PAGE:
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Google Glass–will this platform be ubiquitous?

I attended a Google Glass Meetup in DC last week and was very impressed.  I’ve not seen this much interest by developers in a platform since the launch of the iPhone SDK in Feb 2008.   I learned early on when I was working at MSFT that a platform will be successful if it is viral with developers—something I believe MSFT has lost over the last 10 years (possibly more on that in a future blog).  This new Glass platform already seems to be becoming viral.  Can they continue to grow momentum?

I personally don’t think that Glass (or competitors to Glass) will be as big a market as the smart phone but I do think it will be substantial.  I say this because Glass in many ways is really an accessory to a smartphone much like a Jambox or Fitbit. That being said, it is a lot more functional because apps will be designed/developed for it exclusively.

First, some facts I learned at the event:

  • There are ~8,000 units out there and the original units were $1,500 each.  This price needs to go down if these are to become ubiquitous…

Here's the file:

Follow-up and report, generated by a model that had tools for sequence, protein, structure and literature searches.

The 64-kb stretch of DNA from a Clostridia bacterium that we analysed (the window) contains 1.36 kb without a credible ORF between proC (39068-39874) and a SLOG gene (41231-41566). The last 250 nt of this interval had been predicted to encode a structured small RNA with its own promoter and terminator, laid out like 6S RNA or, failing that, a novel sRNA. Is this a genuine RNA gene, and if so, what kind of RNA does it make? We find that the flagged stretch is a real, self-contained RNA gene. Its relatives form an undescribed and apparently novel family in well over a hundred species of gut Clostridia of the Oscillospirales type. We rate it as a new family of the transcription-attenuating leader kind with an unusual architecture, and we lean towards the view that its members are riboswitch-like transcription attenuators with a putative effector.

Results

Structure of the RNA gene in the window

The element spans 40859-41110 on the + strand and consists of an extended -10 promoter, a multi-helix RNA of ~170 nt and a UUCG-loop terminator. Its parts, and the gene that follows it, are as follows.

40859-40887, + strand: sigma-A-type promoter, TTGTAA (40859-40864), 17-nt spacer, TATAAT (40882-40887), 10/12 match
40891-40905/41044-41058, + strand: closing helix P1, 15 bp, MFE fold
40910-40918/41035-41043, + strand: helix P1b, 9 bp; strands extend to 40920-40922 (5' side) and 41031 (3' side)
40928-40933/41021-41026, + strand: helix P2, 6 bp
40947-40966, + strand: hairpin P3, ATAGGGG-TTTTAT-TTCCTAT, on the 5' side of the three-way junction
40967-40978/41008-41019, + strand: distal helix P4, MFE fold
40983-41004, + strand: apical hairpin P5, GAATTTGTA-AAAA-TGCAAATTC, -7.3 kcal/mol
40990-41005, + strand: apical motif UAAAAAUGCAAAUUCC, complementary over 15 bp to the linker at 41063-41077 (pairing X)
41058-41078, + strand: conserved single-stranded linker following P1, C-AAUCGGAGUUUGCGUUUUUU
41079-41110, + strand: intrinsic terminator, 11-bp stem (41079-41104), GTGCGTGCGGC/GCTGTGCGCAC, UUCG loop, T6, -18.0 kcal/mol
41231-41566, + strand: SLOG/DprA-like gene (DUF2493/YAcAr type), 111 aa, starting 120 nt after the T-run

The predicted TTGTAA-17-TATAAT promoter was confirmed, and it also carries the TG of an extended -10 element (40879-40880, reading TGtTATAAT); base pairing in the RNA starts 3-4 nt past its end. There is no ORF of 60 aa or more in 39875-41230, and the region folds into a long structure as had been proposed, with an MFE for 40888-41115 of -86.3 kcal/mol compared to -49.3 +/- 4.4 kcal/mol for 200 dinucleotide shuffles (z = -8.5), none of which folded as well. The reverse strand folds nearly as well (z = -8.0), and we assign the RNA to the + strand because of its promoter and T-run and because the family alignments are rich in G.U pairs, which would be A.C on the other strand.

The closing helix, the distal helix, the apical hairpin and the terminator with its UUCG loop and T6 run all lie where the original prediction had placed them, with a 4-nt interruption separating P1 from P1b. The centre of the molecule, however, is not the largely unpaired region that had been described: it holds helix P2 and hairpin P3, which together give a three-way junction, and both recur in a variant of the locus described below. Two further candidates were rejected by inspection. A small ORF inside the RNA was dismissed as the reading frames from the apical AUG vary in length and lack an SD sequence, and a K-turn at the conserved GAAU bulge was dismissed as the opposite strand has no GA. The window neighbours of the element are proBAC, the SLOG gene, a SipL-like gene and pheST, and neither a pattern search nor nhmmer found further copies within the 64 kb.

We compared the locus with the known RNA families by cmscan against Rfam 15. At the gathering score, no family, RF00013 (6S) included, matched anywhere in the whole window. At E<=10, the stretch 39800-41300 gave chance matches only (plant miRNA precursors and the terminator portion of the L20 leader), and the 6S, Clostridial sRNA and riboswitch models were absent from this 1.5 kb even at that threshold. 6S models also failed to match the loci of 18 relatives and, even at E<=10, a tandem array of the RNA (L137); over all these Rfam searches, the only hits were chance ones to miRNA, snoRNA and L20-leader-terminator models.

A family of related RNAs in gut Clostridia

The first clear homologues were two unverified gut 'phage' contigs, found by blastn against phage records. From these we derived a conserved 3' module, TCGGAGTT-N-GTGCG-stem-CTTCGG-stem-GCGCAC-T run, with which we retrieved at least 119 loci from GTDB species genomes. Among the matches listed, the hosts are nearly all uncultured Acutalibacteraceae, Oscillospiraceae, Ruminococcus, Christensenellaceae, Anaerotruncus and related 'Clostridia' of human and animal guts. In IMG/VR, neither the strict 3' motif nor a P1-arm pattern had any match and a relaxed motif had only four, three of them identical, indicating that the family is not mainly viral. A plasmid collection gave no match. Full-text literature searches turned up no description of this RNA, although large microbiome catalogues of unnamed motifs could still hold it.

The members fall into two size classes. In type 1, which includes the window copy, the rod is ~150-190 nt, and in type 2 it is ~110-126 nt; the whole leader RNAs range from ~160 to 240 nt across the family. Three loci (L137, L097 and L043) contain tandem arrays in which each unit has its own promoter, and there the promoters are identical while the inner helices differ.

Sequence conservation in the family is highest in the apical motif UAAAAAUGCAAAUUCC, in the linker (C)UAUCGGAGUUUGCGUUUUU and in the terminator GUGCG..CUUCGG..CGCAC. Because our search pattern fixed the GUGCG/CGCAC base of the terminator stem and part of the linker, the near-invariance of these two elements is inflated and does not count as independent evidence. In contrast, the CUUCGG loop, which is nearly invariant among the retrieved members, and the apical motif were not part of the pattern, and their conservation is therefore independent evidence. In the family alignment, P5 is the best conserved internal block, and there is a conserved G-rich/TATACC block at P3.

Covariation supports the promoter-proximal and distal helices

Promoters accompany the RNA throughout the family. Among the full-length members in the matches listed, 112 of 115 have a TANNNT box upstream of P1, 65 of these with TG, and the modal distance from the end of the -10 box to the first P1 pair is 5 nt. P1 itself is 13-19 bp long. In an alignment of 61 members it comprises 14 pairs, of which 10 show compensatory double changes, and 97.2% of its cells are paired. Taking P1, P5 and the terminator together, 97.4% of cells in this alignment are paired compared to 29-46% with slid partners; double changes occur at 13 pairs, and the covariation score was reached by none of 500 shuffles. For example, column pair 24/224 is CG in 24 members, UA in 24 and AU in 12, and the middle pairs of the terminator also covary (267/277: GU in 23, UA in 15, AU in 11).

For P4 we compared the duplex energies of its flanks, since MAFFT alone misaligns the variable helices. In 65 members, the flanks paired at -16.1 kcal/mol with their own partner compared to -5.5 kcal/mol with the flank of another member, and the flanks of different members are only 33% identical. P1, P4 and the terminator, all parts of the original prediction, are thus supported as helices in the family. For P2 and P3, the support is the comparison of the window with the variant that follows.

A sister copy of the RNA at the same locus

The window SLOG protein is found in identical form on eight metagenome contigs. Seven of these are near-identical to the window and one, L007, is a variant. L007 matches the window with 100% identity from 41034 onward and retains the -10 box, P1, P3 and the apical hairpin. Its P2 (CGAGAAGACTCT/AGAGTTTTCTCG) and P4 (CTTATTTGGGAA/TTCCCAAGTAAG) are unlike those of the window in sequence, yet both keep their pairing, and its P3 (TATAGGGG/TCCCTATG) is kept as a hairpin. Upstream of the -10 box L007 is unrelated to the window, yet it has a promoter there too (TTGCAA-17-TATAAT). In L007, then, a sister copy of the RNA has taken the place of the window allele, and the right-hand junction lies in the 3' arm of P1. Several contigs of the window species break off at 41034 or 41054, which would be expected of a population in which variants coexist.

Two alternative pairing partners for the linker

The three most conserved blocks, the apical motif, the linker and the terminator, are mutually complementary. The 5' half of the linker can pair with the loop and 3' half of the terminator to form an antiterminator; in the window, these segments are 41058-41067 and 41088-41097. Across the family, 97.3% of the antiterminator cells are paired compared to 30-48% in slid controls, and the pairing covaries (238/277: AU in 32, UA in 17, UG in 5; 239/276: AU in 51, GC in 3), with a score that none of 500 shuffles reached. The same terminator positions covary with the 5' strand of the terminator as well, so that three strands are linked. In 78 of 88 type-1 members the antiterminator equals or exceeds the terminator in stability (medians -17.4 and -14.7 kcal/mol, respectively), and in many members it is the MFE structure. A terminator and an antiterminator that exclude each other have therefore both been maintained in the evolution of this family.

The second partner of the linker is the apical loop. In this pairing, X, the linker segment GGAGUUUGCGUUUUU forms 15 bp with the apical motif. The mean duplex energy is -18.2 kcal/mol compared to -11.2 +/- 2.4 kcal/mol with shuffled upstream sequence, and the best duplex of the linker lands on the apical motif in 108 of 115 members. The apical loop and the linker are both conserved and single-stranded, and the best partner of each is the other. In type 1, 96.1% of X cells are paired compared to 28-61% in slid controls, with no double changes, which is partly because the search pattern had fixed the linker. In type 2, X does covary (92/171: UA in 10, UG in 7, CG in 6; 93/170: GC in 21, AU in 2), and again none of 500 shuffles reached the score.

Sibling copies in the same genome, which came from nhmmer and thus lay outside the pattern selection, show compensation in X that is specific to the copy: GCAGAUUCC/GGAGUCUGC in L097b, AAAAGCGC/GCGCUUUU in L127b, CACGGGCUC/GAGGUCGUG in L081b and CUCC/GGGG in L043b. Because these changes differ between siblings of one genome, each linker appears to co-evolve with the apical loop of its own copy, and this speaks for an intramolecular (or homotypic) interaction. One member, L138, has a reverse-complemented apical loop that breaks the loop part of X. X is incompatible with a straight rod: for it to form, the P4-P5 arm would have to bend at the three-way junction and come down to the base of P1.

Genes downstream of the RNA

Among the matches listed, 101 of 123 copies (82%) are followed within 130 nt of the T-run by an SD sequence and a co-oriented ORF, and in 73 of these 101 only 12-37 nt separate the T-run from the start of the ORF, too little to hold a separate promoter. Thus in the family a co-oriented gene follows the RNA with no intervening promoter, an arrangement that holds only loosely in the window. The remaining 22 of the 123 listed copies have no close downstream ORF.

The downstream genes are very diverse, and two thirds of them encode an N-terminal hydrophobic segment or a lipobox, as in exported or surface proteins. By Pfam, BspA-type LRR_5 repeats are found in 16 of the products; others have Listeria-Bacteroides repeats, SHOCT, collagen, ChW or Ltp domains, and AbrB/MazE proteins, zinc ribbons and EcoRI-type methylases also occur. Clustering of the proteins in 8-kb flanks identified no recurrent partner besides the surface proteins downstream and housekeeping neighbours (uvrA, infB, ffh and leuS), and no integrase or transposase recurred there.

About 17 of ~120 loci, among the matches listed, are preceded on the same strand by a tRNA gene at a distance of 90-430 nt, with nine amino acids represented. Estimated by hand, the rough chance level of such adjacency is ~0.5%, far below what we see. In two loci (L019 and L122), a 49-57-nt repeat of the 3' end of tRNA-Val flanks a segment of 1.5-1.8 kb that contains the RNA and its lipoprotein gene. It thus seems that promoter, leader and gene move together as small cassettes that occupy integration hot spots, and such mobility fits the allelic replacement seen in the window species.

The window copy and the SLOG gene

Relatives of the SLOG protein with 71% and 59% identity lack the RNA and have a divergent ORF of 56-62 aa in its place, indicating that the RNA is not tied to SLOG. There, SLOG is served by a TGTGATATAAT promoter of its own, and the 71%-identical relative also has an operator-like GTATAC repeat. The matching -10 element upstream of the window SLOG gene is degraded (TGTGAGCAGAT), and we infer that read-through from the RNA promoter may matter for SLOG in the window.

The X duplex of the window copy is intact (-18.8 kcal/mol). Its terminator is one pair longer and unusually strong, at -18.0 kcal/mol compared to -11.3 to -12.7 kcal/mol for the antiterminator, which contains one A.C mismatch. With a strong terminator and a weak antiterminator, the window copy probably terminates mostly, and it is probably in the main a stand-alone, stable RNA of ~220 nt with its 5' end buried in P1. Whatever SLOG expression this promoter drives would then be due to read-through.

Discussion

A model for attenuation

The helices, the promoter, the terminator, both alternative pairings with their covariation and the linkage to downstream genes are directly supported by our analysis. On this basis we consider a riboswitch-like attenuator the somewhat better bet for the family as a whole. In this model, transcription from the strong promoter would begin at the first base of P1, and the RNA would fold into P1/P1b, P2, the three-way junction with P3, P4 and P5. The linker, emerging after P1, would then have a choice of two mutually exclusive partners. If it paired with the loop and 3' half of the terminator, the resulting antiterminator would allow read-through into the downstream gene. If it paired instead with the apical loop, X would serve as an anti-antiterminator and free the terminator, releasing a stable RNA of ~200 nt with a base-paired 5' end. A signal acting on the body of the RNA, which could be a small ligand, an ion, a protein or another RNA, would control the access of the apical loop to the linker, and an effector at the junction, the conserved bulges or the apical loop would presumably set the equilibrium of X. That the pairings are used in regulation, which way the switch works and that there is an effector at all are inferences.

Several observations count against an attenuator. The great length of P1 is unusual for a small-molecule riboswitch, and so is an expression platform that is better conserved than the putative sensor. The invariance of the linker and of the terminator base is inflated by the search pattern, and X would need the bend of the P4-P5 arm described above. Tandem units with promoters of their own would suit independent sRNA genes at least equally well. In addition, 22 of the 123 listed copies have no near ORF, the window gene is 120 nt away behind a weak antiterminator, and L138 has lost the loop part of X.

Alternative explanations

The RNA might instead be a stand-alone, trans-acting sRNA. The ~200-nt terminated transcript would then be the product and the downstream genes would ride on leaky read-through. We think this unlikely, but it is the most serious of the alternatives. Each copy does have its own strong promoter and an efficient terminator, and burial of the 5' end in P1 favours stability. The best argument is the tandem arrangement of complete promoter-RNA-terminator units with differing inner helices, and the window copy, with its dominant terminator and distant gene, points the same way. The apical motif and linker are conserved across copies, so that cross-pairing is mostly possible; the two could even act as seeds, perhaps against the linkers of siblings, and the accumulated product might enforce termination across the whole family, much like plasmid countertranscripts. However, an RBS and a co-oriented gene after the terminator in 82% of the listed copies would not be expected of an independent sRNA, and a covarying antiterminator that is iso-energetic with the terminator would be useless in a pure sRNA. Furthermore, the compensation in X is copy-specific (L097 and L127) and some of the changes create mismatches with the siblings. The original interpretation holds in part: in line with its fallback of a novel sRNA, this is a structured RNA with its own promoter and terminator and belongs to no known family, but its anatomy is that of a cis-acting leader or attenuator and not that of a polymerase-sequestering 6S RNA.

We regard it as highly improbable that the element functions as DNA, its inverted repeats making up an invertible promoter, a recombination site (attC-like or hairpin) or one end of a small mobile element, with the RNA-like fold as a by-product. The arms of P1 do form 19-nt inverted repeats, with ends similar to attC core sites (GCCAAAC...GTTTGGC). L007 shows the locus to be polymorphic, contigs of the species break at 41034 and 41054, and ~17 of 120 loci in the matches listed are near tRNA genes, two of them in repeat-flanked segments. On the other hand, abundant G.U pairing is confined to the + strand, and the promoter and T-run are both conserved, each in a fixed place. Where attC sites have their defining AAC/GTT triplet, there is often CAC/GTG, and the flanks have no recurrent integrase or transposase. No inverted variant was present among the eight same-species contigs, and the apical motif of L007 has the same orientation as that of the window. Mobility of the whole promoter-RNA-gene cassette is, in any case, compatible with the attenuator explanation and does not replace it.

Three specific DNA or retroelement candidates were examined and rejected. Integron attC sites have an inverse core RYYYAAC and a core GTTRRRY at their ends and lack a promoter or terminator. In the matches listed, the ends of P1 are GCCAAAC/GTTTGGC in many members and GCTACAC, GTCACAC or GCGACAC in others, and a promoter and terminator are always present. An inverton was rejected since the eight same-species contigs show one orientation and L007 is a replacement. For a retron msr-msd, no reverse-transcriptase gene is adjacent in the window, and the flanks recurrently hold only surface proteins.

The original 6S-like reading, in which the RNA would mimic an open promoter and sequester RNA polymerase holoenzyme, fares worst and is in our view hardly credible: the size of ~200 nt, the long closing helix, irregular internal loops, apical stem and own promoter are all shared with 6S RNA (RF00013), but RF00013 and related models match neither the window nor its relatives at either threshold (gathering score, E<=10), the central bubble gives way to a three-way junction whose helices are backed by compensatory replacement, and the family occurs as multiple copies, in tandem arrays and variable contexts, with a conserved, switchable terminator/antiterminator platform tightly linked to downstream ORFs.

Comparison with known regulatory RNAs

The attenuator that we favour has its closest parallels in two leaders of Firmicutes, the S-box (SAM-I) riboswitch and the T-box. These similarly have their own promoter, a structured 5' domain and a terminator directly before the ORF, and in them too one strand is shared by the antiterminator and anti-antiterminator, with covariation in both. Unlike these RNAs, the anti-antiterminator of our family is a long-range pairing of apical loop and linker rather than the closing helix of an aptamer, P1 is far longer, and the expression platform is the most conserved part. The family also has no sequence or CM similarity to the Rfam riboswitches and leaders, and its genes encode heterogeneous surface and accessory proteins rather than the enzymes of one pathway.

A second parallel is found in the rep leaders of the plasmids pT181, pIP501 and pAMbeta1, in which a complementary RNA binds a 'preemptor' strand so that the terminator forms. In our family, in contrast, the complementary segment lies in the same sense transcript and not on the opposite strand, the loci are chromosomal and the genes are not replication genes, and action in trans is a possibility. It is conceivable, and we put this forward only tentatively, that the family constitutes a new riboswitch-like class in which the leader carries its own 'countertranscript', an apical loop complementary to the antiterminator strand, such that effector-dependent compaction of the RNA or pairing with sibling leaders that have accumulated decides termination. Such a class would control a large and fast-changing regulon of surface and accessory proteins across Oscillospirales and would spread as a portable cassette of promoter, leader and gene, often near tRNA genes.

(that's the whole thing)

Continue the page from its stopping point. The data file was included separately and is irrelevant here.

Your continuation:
• The device requires a phone running Android 4.0.4 and higher (connected via Bluetooth).  They are going to have to support iPhone but no mention at event.  I did read this article that mentions there will be some support.  Google will have to balance the need to push Android with the fact that iPhone is a huge market.  It will be fun to watch how well they walk this line…
  • Display resolution is 640×360 and it contains a 5-megapixel camera, capable of 720p video recording
  • Ships with Wi-Fi 802.11b/g and Bluetooth
  • 16GB storage (12 GB available) and 682MB RAM
  • Bone conduction transducer for sound—yea that sounds painful…
  • The apps don’t run on the glasses, they are essentially HTML pages (they call them cards) that are hosted at Google and called via API (there is no SDK).   I would think that this would make it very difficult to build the types of games that smart phone users are accustomed to…   Makes me wonder—without a large number of games, what drives the initial momentum? However, I’ve come to the conclusion that there is enough momentum via smartphone users and productivity apps, so it won’t matter.   More here.
  • New York Times already has an app.  I think they are one of the only 3rd party apps right now.    I heard there were others from Path, Skitch and Evernote but did not see them.  I’m sure there are many others…
  • There is not a marketplace for apps yet but that is coming and Google has not announced a way to monetize apps… this will be key for success…
  • Great companies are already on board developing such as who presented at the event
  • The new brand is going to be “GlassXXXX” like apple has “iXXXX”.  So they talked about an app called GlassFit, like iFit…
  • This is a platform that will require people to learn minimalist design